My hon. Friend the Member for Clydebank and Milngavie said, quite rightly, that prevention of AIDS is more important than a cure. We had a very good debate on this in Westminster Hall the other day, which I think that most right hon. and hon. Members who are here today attended. The point was repeatedly made that even if the drugs were available at a relatively low price, most of those who are most affected are beyond the reach of effective health systems. Therefore, the most useful things that we can do are to encourage prevention and help establish effective health systems.
The hon. Member for Gainsborough (Mr. Leigh) made an interesting speech, and a good one. He said that we ignore at our peril the scale of the crisis that is growing, and that if we continue to ignore it we will reap the whirlwind. He was right to make that point, and we shall bear it in mind when we talk about what prompts asylum seekers to come to this country and the desperation that exists. One has only to look at some of the perilous ways in which they make their way here. Would we put ourselves and our children in a truck or send them to a destination, without adults, unaccompanied, as some people do? They know that they will never see their children again, but hope that they will at least lead a better life. Such desperation lies behind any rational discussion of asylum seeking.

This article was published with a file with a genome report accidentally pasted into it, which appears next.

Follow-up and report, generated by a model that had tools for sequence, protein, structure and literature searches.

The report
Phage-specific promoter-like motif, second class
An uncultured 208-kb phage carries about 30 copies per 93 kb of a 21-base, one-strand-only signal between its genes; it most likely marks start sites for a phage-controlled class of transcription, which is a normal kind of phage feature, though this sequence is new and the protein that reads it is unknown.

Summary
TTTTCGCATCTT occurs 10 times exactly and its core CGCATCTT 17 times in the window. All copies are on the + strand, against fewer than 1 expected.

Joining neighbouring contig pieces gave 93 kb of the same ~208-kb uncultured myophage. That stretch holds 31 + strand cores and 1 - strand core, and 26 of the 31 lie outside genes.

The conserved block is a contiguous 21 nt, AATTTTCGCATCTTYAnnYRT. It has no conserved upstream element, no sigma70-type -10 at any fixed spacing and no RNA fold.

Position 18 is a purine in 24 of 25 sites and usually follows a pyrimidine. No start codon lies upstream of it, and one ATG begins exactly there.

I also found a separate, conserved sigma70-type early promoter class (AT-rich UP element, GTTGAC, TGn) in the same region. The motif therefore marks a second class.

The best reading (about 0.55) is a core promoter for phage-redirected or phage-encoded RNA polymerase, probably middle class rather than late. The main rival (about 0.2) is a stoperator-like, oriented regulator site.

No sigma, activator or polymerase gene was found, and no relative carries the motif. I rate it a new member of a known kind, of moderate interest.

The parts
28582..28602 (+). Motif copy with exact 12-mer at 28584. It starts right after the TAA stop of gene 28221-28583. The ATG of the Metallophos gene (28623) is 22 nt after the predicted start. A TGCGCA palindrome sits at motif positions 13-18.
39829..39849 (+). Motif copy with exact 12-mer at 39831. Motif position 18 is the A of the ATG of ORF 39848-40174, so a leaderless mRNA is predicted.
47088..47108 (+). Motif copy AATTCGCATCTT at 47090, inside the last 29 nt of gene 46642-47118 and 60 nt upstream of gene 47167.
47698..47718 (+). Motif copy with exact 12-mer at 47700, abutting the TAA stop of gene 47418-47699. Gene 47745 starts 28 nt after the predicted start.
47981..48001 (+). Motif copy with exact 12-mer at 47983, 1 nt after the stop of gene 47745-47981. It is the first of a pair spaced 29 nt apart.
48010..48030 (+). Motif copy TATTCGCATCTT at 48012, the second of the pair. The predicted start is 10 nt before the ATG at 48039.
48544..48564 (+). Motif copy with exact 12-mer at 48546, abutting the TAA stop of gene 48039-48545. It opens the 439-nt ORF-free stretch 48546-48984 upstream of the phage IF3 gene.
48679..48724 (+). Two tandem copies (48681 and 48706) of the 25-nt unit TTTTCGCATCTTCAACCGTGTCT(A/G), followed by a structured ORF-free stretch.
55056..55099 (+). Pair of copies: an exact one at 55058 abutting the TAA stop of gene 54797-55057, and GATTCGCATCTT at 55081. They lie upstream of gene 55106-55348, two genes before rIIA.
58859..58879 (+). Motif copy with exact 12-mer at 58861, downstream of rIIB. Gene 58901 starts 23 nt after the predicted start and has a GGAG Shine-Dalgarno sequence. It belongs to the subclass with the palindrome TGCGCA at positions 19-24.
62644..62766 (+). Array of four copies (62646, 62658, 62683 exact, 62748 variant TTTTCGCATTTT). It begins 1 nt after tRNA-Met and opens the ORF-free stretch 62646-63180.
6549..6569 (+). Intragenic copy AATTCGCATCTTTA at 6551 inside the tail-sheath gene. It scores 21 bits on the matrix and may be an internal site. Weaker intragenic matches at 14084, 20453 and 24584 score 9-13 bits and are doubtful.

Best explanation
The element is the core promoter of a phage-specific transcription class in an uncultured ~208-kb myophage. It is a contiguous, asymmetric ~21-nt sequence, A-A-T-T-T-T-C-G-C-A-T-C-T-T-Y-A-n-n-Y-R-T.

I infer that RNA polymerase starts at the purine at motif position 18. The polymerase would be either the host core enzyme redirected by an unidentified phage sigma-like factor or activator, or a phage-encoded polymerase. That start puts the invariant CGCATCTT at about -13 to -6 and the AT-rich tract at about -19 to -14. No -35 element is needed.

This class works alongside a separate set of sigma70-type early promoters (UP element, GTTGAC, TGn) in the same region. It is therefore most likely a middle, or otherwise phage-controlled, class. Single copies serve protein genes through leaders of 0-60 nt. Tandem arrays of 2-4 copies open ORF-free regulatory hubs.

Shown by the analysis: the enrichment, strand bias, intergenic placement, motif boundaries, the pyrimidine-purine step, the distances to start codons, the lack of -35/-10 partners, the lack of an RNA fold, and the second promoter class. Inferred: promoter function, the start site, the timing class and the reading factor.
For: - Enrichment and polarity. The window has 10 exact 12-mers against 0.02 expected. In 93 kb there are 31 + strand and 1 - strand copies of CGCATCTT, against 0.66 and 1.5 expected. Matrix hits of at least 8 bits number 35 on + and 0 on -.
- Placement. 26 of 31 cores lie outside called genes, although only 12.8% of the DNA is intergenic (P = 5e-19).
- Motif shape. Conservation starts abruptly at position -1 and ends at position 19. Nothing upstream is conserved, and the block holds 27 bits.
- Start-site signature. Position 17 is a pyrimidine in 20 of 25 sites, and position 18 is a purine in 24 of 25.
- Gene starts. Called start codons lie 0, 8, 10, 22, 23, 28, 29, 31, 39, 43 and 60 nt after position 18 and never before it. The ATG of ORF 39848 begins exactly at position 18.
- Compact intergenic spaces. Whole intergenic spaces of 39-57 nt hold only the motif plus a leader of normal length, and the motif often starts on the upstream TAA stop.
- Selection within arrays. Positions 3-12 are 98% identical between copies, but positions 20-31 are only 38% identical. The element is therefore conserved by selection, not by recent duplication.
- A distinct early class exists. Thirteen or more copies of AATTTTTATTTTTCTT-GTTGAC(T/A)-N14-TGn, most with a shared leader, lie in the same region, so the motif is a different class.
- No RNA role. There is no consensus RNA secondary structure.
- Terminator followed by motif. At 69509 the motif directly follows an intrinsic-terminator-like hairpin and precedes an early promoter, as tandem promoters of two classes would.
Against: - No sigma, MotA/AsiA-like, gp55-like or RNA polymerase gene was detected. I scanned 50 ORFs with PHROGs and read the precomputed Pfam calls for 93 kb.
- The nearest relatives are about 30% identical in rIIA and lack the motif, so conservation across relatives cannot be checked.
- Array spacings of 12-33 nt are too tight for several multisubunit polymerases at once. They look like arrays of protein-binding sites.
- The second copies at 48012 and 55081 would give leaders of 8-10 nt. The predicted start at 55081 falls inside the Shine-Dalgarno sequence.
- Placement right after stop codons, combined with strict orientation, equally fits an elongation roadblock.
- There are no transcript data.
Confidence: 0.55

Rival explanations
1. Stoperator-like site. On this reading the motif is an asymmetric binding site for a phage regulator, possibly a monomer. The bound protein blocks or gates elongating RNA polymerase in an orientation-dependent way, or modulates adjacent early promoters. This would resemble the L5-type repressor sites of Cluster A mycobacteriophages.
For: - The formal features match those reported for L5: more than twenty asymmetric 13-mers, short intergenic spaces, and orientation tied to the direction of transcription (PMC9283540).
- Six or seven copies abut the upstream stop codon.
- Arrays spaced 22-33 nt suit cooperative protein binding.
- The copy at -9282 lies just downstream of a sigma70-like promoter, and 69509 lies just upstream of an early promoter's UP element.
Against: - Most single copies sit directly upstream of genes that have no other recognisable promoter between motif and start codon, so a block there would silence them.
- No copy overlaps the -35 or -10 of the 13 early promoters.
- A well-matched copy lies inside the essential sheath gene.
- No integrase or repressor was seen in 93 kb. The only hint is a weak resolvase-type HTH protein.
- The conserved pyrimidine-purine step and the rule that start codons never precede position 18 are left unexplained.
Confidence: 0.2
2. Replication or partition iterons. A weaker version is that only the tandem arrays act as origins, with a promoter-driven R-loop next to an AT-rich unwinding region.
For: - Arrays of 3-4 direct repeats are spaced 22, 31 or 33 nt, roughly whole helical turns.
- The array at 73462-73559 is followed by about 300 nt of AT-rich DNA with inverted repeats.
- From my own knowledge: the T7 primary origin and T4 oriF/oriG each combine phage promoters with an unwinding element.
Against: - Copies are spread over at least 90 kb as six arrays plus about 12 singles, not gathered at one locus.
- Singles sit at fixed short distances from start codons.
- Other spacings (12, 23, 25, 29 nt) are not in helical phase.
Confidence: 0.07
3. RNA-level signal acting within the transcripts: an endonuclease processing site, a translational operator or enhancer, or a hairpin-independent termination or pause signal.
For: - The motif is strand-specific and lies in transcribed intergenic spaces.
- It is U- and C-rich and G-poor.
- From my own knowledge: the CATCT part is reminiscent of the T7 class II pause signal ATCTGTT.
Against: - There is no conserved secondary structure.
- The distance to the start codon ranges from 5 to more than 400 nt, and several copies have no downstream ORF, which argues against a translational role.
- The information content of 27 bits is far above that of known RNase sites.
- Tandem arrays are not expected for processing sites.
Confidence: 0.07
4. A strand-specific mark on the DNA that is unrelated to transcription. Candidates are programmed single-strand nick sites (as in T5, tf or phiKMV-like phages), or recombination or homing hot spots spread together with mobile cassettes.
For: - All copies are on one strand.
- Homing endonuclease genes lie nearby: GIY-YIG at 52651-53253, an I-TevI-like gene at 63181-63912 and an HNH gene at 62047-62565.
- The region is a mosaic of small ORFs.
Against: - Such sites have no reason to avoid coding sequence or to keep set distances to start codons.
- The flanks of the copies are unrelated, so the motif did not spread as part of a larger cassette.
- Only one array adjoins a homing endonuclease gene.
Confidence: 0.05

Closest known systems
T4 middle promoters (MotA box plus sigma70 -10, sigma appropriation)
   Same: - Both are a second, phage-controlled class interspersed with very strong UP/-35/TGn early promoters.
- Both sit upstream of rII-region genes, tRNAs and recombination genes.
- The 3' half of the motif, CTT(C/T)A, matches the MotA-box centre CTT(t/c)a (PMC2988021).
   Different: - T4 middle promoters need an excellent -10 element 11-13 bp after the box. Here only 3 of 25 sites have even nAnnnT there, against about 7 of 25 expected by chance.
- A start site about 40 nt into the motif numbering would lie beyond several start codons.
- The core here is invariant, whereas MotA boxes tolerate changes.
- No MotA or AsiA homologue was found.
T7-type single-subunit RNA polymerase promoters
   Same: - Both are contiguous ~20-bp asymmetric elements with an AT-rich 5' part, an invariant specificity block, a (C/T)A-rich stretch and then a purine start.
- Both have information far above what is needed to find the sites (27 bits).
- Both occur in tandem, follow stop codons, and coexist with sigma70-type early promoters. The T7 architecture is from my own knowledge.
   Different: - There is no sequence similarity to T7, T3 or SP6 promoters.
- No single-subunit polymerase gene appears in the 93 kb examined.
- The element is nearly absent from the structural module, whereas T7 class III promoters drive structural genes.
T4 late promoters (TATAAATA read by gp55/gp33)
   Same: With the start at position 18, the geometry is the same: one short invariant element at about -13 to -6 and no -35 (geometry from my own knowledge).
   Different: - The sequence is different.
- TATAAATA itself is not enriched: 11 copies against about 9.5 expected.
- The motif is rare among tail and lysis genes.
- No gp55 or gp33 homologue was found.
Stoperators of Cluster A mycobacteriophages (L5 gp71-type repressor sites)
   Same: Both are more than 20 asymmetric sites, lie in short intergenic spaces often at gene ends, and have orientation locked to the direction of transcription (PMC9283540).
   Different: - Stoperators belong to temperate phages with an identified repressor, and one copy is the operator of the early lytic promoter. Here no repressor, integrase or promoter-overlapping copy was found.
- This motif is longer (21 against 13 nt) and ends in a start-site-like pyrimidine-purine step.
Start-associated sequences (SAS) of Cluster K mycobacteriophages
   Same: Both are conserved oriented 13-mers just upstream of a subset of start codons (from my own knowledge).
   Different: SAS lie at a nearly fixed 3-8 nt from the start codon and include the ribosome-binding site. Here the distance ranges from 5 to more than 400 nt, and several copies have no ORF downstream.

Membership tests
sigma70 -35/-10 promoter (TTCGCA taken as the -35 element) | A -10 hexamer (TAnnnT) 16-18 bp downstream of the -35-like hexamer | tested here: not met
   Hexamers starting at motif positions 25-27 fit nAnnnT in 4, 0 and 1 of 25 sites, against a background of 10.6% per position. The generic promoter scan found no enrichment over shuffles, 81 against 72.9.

The hon. Gentleman expressed the hope that he would alert Conservative-minded people to that problem. I share his hope and trust that his voice will be heard in those parts of middle England that my right hon. Friend and I cannot reach. I look forward to the day when the main political parties compete for votes through an appeal to the best instincts of middle England rather than the worst.
I am sure that my hon. Friend the Member for North-East Derbyshire is well aware that the great difficulty with the Tobin tax is that to make it effective we have to persuade everyone to sign up to it. It is rather like the proposal to tax aviation fuel. It is another desirable objective but unless we can persuade everyone to sign up, some countries could drive a coach and horses through the plan.